(WordPress Post Featured Image)
If you can’t see the Featured Image section in your sidebar, check to see that the option has been selected in the Screen Options area (if the checkbox is not there, then your theme may not support Featured Images) …
(Post Editor – Screen Options Area)
To learn how to add post thumbnails to WordPress, go here:
8 – Hidden Post Area Options
By default, several functions are hidden inside the Post editing panel, and will only display in the admin area if you select them the Screen Options area …
(Additional Post Settings)
Below are some of the settings that can be activated for posts in the Screen Options area.
WordPress Post Excerpt Module
The Excerpt module lets you add a brief “teaser” that will display in selected areas of your website or blog, such as the blog page, post categories page, archives page, and search post pages …
(WordPress Post Excerpt Box)
Go here to learn more about using post excerpts in WordPress:
Trackbacks are a way to notify legacy blog systems that you have linked to them in your post …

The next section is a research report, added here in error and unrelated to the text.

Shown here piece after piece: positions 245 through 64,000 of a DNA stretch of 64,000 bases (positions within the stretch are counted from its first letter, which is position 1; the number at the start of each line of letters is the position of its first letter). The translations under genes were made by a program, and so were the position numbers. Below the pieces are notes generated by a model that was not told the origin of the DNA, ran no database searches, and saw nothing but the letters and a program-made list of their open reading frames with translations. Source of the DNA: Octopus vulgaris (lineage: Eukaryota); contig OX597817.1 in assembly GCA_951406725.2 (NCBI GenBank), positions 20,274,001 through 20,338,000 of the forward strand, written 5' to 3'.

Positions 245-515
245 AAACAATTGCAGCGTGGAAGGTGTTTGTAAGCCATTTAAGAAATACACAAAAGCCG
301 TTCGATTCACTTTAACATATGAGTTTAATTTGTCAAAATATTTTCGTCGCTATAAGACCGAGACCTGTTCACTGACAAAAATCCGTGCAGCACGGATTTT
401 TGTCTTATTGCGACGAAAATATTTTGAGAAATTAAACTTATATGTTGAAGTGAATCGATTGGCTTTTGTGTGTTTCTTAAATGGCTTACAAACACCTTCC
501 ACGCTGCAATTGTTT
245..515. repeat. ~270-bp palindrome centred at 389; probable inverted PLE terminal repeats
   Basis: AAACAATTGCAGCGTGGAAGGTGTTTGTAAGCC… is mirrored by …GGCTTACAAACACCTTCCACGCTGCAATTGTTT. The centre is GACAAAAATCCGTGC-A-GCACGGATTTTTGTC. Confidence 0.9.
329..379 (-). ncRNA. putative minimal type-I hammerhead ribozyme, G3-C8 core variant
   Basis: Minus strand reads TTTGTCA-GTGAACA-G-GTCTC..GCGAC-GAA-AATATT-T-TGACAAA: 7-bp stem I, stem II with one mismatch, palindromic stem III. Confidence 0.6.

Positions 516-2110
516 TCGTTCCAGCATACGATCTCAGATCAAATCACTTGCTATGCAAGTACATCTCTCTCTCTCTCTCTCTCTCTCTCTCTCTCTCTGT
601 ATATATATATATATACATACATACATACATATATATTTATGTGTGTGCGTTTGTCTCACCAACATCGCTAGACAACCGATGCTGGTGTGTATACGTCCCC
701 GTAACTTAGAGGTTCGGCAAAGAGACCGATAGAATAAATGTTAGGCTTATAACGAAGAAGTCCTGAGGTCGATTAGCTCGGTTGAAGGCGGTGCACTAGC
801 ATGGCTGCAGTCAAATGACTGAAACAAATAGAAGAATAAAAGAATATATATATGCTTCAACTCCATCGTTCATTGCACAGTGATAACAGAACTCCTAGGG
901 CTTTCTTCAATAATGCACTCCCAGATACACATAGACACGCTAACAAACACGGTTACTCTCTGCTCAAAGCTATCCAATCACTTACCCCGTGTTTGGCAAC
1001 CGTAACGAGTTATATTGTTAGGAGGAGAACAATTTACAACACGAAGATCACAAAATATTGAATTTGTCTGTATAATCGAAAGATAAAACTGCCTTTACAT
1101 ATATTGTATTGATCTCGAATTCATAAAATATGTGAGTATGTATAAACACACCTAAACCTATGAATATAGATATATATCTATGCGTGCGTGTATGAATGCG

(WordPress Post – Send Trackbacks Module)
If you link to other WordPress blogs, they’ll be notified automatically using a feature called pingbacks.
For blogs that don’t recognize pingbacks, you can send a trackback to the blog by entering their website address(es) in the trackbacks field, and separating each web URL with a space.
Learn more about WordPress trackbacks and pingbacks here:
Custom Fields provide a way to add custom information to your site and/or modify the way your posts are displayed …
(WordPress Post – Custom Fields Settings)
Custom Fields are generally used in conjunction with plugins, but you can edit the information added by plugins in your post.
The Discussion section is used to turn the discussion options on/off for any given post …
(WP Post – Discussion Options)
This module is useful if you want to enable interactivity and notifications on a post-by-post basis.
- Check all boxes to Allow Comments and Allow trackbacks and pingbacks on your posts.
- If you uncheck Allow Comments, then no one can post comments on that specific post.
- If you uncheck Allow trackbacks and pingbacks, then no visitors can post pingbacks or trackbacks for that post.